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Five Winning Traits Of The New CHRO

Last week I got to play DJ and spin some great examples of the new kind of HR leader. In a few days, along with some 15,000 others, I’ll hit Vegas for SHRM 2015. We’re not in the desert to debate whether the HR ecosystem is changing — we know the answer to that one. Nor are we there to learn to love new bells and whistles — as a field, looks like we’re adapting to that brave new world of awesome. The onus now: HR leadership 3.0. It’s time to learn how to lead in ways that embrace the changes, but don’t overlook the essence of what we are here to do.

Last week I got to play DJ and spin some great examples of the new kind of HR leader. In a few days, along with some 15,000 others, I’ll hit Vegas for SHRM 2015. We’re not in the desert to debate whether the HR ecosystem is changing — we know the answer to that one. Nor are we there to learn to love new bells and whistles — as a field, looks like we’re adapting to that brave new world of awesome. The onus now: HR leadership 3.0. It’s time to learn how to lead in ways that embrace the changes, but don’t overlook the essence of what we are here to do. 

Chief Human Resources Officers are trending, and they’re going to become more common. That also means our fearless leader may well be a face up in the clouds of the executive floor, so she, or he, had better have the goods to lead the rest of us. And yes, it means that as we climb our own career ladders, we can officially reach for the stars. What should we aspire to bring to the boardroom?

Here are 5 traits for the CHRO A-game:

1. Relevant

My friend Steve Browne cites relevance the key challenge HR faces. Without being woven throughout the business, the relevance of an HR leader is compromised. To be (and be perceived as) relevant, we need to know how to integrate ourselves into all facets of the organization. We need to represent HR has as a function that’s absolutely critical to the firm’s lifeblood, function and trajectory. The new CHRO has the skill to not only stay grounded in that reality, but to convey it so effectively, it’s transformed into a non-issue.

2. Well connected

Timely, given I’m about to head to a party with 15,000 colleagues, but a leader never neglects her outside network. That ring of peers around the planet we call Our Present Job is no tangent: that’s your go-to team, the talent and the culture that you bring to work with you every day. Your peer connections are those helpful voices perched on your shoulder, guiding you from the perspective of talent, not your company’s mission: both are critical facets of your own leadership. Particularly in a climate of continued disruption, your peers are your personal team, and we need their entire range of experience and skills for true 360º leadership and problem solving.

3. Into everything

Tentacles, people, tentacles: spread your arms and fingers as wide as they can possibly reach into every single facet of your organization, and then pull. The HR leader needs to be the hub that brings everyone into the same sandbox, from marketing to IT to operations to accounting to graphic design even down to the person who plans the meals at the company cafeteria. Connecting people is key, and it’s what we know how to do.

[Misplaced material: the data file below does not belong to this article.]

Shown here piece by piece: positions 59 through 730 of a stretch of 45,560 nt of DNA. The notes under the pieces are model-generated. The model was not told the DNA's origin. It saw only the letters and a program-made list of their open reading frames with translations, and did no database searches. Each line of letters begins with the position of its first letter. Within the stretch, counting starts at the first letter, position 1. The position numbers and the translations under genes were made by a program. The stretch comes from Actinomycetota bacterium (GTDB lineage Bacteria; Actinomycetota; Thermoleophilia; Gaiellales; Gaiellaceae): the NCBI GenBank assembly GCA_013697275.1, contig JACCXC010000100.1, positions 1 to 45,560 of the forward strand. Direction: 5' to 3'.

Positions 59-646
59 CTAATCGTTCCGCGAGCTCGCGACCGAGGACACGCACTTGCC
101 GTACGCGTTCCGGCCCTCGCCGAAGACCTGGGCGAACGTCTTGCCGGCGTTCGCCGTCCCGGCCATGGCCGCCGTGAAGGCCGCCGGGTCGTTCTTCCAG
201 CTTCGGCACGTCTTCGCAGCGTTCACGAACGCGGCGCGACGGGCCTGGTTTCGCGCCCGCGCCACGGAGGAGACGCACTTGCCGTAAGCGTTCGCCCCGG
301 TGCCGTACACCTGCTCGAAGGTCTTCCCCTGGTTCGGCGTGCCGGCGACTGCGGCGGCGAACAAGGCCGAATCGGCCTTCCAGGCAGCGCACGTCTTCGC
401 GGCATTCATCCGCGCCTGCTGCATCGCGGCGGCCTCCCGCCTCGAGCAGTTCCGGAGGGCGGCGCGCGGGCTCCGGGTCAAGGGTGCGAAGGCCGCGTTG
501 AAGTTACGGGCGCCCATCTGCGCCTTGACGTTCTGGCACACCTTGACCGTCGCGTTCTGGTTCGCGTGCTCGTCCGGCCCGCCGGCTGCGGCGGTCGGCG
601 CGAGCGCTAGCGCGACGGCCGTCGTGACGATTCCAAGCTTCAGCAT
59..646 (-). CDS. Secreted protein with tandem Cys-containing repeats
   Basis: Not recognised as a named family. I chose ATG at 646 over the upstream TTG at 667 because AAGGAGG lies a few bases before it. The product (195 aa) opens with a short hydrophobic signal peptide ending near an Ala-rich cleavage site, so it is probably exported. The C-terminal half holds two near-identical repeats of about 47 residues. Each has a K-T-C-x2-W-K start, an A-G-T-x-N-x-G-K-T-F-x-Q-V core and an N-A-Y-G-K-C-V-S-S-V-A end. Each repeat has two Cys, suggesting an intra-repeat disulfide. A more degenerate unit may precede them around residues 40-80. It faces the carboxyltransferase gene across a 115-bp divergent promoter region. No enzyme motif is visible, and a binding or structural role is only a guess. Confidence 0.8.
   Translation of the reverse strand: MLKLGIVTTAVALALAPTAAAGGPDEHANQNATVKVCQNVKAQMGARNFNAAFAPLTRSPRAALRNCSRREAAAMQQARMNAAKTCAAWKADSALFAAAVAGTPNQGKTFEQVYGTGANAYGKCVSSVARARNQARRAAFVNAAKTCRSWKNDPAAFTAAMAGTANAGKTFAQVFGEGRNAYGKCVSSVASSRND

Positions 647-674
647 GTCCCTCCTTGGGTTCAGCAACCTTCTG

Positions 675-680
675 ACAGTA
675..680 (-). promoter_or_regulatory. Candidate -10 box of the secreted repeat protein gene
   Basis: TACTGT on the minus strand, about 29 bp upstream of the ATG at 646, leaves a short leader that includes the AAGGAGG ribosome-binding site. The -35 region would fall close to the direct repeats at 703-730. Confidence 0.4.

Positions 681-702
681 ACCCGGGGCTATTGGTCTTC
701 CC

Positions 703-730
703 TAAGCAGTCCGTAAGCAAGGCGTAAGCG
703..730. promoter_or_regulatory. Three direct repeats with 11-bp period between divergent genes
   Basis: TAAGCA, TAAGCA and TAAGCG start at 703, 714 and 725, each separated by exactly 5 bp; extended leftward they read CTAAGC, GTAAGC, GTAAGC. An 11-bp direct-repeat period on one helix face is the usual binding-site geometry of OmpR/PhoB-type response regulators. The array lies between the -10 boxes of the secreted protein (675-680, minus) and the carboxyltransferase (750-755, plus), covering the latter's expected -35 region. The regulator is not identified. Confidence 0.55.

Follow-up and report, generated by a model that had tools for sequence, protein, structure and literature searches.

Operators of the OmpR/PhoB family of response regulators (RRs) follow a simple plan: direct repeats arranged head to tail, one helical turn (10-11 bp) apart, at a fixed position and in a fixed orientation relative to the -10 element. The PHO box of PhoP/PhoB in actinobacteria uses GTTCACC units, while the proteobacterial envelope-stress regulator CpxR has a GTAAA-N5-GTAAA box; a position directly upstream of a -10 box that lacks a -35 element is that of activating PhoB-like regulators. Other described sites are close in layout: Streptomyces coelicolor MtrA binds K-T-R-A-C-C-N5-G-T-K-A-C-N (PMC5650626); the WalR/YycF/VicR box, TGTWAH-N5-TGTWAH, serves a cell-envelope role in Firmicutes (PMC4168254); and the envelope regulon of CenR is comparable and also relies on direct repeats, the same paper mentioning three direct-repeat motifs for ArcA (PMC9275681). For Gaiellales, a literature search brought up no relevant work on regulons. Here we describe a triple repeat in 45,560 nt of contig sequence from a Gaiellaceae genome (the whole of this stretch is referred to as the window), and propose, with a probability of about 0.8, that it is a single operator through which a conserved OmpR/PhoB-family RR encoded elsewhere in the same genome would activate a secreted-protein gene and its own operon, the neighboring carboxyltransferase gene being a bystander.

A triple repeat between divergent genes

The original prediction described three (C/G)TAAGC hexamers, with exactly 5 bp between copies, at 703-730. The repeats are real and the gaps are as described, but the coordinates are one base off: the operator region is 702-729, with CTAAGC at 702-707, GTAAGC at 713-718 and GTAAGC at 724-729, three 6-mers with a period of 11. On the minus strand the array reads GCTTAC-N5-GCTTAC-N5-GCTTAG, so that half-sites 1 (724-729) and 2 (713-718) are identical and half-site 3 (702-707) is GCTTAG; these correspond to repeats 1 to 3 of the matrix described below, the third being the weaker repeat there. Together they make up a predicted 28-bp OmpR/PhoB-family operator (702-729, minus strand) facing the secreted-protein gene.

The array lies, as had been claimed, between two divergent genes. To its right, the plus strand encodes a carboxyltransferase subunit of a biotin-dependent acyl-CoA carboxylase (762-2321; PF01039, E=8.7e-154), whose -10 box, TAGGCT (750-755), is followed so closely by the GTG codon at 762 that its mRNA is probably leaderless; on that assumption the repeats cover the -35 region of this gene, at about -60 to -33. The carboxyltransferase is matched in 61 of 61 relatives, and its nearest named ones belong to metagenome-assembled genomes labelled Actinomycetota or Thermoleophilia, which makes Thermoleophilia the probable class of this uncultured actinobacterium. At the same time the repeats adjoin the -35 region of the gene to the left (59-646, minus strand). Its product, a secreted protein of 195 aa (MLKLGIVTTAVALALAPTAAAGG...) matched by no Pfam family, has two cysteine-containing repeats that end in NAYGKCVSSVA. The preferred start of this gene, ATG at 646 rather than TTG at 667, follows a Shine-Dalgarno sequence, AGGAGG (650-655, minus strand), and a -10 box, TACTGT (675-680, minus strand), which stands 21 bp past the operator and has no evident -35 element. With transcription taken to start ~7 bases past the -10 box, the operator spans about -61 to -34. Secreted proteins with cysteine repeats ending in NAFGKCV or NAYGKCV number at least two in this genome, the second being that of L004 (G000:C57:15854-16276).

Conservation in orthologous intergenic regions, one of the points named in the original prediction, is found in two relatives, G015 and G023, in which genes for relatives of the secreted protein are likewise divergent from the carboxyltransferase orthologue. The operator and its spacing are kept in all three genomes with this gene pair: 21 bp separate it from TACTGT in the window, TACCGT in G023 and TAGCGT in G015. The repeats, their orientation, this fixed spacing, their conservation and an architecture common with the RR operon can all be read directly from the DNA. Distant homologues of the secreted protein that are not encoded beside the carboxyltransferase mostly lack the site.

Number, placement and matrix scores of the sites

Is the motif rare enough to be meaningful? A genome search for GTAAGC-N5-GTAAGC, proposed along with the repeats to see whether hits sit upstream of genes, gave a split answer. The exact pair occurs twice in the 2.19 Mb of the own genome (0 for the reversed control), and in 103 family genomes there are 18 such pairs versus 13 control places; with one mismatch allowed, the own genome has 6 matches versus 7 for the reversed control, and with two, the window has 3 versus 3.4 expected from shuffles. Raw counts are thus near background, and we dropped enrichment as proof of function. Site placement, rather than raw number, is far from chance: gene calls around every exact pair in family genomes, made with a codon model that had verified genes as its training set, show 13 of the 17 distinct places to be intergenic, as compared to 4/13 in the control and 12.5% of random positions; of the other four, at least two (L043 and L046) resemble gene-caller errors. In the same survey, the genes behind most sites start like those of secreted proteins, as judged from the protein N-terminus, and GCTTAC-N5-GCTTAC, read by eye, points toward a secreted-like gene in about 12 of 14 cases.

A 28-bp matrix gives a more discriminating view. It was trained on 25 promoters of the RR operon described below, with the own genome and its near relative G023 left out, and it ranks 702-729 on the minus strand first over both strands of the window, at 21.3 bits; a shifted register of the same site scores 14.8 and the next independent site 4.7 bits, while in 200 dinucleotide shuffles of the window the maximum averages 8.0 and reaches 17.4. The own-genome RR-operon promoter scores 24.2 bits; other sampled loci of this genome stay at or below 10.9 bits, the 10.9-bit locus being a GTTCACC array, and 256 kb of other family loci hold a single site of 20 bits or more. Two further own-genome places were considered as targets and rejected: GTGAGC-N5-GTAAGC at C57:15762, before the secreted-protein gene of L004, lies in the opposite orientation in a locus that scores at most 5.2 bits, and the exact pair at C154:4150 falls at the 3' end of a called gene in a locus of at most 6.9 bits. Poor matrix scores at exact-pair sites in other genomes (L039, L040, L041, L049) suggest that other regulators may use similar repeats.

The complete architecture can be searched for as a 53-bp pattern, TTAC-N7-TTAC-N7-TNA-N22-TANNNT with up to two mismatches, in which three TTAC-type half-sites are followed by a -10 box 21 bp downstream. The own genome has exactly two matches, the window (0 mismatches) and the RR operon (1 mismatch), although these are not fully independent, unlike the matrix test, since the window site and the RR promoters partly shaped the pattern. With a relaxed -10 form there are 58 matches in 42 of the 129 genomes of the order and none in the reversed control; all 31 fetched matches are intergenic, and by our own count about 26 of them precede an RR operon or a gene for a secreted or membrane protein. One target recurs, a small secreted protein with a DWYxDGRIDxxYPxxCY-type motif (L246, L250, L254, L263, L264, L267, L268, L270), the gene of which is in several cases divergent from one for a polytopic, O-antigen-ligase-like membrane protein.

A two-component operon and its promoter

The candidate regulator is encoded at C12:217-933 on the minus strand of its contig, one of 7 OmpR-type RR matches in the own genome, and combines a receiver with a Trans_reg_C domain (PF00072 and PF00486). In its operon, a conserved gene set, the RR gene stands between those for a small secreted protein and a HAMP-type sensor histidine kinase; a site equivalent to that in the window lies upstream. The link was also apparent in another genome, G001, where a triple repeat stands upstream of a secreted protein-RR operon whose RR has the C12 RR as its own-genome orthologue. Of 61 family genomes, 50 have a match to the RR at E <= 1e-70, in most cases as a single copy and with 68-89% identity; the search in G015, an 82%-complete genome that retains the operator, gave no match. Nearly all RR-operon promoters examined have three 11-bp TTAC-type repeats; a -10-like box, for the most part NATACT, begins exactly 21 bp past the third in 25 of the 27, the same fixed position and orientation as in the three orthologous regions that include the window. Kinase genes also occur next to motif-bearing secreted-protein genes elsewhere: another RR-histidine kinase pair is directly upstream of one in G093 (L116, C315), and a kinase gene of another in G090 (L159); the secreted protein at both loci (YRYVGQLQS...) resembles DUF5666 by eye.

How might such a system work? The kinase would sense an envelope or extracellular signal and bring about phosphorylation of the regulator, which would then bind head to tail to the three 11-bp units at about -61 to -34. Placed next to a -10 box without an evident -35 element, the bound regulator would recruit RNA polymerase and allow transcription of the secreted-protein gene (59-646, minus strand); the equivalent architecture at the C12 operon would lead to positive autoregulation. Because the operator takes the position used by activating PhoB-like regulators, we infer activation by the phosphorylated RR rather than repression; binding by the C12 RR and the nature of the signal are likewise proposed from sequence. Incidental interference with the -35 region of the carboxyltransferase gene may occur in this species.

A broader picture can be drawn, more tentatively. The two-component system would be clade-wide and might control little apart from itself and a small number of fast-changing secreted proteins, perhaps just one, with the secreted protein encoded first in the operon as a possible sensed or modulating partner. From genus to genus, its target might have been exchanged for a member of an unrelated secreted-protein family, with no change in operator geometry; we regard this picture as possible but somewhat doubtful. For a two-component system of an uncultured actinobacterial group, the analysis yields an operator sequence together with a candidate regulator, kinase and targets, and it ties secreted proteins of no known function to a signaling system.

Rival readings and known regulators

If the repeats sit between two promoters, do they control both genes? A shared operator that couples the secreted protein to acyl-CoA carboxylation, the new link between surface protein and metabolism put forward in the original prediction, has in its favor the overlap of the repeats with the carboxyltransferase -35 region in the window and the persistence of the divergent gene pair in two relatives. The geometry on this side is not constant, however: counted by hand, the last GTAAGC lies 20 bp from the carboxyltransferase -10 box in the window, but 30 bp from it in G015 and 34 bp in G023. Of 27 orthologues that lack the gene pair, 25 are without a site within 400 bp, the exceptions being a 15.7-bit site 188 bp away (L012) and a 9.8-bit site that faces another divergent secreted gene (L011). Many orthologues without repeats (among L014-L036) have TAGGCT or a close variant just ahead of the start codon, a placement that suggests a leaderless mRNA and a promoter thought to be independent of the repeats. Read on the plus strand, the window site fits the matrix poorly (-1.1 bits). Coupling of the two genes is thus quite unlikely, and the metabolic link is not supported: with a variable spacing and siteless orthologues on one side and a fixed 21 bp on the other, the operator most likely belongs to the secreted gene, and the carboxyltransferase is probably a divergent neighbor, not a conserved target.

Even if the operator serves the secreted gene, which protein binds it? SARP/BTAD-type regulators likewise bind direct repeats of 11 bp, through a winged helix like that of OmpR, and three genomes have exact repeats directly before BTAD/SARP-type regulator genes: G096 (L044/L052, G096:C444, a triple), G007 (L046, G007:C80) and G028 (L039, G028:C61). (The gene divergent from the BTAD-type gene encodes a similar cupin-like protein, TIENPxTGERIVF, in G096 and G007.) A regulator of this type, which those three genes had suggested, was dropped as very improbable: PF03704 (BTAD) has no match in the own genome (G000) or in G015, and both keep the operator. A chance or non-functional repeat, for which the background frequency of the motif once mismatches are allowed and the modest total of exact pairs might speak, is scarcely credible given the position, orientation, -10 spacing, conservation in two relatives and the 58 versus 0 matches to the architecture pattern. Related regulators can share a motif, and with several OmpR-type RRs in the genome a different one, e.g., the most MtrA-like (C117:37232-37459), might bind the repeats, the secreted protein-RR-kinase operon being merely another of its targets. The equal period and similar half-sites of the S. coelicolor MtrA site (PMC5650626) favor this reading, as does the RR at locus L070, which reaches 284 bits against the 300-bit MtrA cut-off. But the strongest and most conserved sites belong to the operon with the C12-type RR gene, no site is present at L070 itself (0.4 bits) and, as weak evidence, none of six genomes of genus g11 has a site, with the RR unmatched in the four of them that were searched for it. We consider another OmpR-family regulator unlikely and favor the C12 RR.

4. Verbal

One of our bright rising stars reminded me of this in the most perfect way: she said it. Clearly, enthusiastically, intelligently. No matter what the papers say, the future of HR is not an algorithm, it’s a human. We may wind up with a new branch of HR in the future that’s called RR, as in those of us who have the dubious privilege of staffing up the non-human workers. But for now, and I’d say, for a long, long time, HR is about human talent, human capital, human needs and human lives. Social media and remote conferencing and chats and all that, we will need to be able to actually speak, and engage with other people, face to face. We have to be able to talk. Do the face to face. And, even more important, we need to want to.

5. Disruptable

What does it mean to be a disruptable leader? You can play every position in the game, often at the same time, and embrace constant disruption. It’s a core requirement of the new CHRO: pitcher and catcher, shortstop and outfielder: a combination of appropriate long range and short term competencies. E.g.: the CHRO embraces our shiny tools not as methodologies, but tools, framed with intuition, foresight and creative thinking. The global and multigenerational world of work calls for a very different view of borders and structure: expandable and fluid rather than stacked and static. Finally, the CHRO has no problem taking a sudden, surprise innovation and leveraging its abilities and power. We are flexible, agile, and love change as much as we love people.

That last trait? It had better be a given. You love people. This is tricky universe we’re staffing up and engaging, with shortages and shortfalls and challenges. Some competencies will change, but some won’t: the core goals are the same. No matter the new nomenclature, semantics or infinite data, New Day or Old Guard, human is the bottom line.

This article was written by Meghan M. Biro from Forbes and was legally licensed through the NewsCred publisher network. SmartRecruiters is the hiring success platform to find and hire great people.

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